Allowing students to wear religious symbols in educational institutions might help them get acquainted with the country’s diversity, Justice Sudhanshu Dhulia of the Supreme Court said on Wednesday at the hijab ban hearing, reported Bar and Bench.

A bench of Justices Dhulia and Hemant Gupta is hearing a batch of petitions challenging a Karnataka High Court order to uphold the state government’s ban on wearing hijab in educational institutions.

At Wednesday’s hearing, Dhulia made the remarks after Senior Advocate R Venkataramani, appearing for a Udupi college teacher, told the court that schools must be free from all religious elements to ensure that transmission of knowledge takes place “without any separation or walls”.

“I [the teacher] work in an environment where individual assertions of identity can be a hindrance,” Venkataramani said, reported Bar and Bench. “Only in their absence can you begin to respect them... Teachers’ hands will be tied.”

To this, Justice Dhulia responded that teachers could see wearing of hijab as an opportunity to tell students that the country is diverse and culturally sensitive and the practice of wearing religious symbols can be seen as an exercise.

“How will you prepare the students when they go out of the schools?” the judge asked. “When they face the world, they will face the great diversity of the country, in culture, in dress, cuisine...So this can be an opportunity to prepare them.”

Meanwhile, Karnataka Advocate General Prabhuling K Navadgi argued that everything mentioned in the Quran cannot be regarded as an essential religious practice, adding that such an assumption would be impractical.

“If every aspect of Quran, with great reverence, it may be religious but whether it is essential has to be seen on the court’s test,” he said. “Women who choose not to, don’t become less Islamic. If it is so obligatory and compulsory...this is one of the tests we may have to apply.”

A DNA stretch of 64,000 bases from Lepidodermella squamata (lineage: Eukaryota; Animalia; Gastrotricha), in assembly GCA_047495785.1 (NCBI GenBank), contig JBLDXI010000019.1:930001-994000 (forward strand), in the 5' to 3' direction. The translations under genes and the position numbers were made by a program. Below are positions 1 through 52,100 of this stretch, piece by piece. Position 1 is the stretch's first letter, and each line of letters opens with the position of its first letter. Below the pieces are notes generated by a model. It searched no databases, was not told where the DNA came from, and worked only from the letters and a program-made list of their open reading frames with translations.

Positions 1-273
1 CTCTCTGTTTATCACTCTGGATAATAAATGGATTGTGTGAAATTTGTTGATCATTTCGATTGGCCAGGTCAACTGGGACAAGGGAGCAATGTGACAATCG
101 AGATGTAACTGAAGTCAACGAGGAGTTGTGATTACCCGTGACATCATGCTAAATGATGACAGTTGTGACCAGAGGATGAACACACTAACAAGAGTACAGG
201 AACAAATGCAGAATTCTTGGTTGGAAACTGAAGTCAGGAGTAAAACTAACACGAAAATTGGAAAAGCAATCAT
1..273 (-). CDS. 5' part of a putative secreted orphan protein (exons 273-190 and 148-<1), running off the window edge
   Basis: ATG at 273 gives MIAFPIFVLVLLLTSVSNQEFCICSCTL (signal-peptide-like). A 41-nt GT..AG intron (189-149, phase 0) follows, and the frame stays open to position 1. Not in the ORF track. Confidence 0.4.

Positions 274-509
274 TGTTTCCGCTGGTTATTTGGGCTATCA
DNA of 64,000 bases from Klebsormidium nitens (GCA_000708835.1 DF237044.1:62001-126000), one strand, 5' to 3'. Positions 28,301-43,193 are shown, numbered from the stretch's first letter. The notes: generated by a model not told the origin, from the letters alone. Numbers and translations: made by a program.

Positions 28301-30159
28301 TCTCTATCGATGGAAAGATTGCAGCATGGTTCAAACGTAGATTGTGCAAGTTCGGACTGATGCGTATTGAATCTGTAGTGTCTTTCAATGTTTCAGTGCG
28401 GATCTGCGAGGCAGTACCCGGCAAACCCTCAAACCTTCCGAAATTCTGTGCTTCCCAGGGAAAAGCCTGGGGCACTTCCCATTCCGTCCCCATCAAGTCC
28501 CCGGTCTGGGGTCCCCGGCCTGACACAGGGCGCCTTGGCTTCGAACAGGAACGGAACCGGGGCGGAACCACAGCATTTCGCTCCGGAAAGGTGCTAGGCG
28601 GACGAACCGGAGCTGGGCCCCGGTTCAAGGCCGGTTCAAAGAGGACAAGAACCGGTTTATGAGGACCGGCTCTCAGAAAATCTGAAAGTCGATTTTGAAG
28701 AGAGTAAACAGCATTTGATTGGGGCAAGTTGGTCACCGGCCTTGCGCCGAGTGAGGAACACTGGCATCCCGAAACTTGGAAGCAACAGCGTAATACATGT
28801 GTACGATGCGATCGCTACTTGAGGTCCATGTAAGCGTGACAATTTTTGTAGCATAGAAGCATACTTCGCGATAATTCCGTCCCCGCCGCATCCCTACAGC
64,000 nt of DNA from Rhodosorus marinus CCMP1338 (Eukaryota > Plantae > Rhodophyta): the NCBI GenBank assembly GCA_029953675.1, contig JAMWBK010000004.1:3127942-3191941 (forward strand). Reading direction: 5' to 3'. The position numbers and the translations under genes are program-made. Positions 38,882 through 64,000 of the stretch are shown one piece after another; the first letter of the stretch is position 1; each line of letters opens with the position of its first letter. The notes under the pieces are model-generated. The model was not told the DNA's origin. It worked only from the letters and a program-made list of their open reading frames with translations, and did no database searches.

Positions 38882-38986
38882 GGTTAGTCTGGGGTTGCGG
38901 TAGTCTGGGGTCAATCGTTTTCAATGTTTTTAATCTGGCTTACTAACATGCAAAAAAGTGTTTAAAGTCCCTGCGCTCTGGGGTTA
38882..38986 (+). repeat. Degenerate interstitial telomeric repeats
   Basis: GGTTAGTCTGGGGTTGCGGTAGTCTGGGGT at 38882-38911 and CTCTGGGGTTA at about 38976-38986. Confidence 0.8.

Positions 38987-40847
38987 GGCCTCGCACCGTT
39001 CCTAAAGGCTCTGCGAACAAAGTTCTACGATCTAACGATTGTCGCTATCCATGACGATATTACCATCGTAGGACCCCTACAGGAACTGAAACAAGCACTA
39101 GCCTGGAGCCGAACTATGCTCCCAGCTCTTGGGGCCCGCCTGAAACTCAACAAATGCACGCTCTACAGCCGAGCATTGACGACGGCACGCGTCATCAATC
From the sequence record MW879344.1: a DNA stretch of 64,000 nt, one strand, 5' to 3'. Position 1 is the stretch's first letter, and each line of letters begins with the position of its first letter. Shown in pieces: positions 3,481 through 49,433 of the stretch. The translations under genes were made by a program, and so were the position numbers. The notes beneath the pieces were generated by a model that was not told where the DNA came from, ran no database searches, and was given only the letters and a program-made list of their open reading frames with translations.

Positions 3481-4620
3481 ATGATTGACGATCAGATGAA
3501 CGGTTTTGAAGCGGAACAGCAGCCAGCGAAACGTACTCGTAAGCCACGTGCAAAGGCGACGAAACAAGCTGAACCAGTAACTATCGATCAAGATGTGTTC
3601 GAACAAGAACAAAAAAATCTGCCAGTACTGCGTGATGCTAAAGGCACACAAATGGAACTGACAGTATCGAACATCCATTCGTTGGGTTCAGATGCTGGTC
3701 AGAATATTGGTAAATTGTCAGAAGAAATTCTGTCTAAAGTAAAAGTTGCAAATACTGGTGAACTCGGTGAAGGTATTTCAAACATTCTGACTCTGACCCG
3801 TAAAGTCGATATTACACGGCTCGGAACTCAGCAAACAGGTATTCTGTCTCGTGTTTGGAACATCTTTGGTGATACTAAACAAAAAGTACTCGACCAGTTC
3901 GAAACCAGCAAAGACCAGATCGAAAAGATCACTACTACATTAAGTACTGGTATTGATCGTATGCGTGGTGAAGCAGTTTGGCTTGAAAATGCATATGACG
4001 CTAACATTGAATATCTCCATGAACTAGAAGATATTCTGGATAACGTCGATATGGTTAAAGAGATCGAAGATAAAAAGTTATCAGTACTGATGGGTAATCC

He contended that there was nothing like absolute freedom.

“Let us say I wear hijab in a public place, but I am not allowed in school,” Navadgi said. “It only means that fundamental right is restricted in manner known to the Constitution.”

Earlier hearings

At the last hearing on Tuesday, Justice Dhulia had observed that the High Court should not have gone into the question of essential religious practice while deciding on the case.

“They [the High Court] have relied on a term paper of a student, and they have not gone to the original text [of the Quran],” Dhulia added. “Other side [the petitioners] is giving another commentary. Who will decide which commentary is right?”

In its verdict upholding the hijab ban, the Karnataka High Court had cited an essay titled “Veiled Women: Hijab, Religion, and Cultural Practice – 2013”. The essay written by Sara Slininger, a History student at the time, was the High Court’s basis to hold that hijab was at best a cultural practice.

Solicitor General Tushar Mehta, appearing for the Karnataka government, had also agreed that the High Court could have avoided looking into whether wearing hijab was an essential religious practice in Islam. He, however, had pointed out that it was the petitioners who had argued that hijab was an essential practice.

The hijab ban case

The Karnataka government’s ban came after in December and January, a group of Muslim students of the Government Women’s Pre-University College in Udupi city were not allowed to attend classes for being dressed in hijab. The students staged a protest, and similar demonstrations were held in other parts of Karnataka.

Hindu students and mobs of men protested against Muslim women wearing hijabs to educational institutes. At some colleges, Muslim students were heckled, while in another case, some men climbed up a flagpole to plant a saffron flag and broke into classrooms.

On February 5, the Karnataka government passed an order banning clothes that “disturb equality, integrity and public order”. The students then moved the High Court against the ban.

On March 15, the Karnataka High Court upheld the state government’s ban on hijabs in schools and colleges and held that headscarves were not essential to Islam.

Days after the High Court upheld the ban, a group of students moved the Supreme Court contending that they would miss their examinations due to the ban. However, NV Ramana, who was the chief justice at the time, refused an urgent hearing in March, saying that the hijab ban had nothing to do with examinations.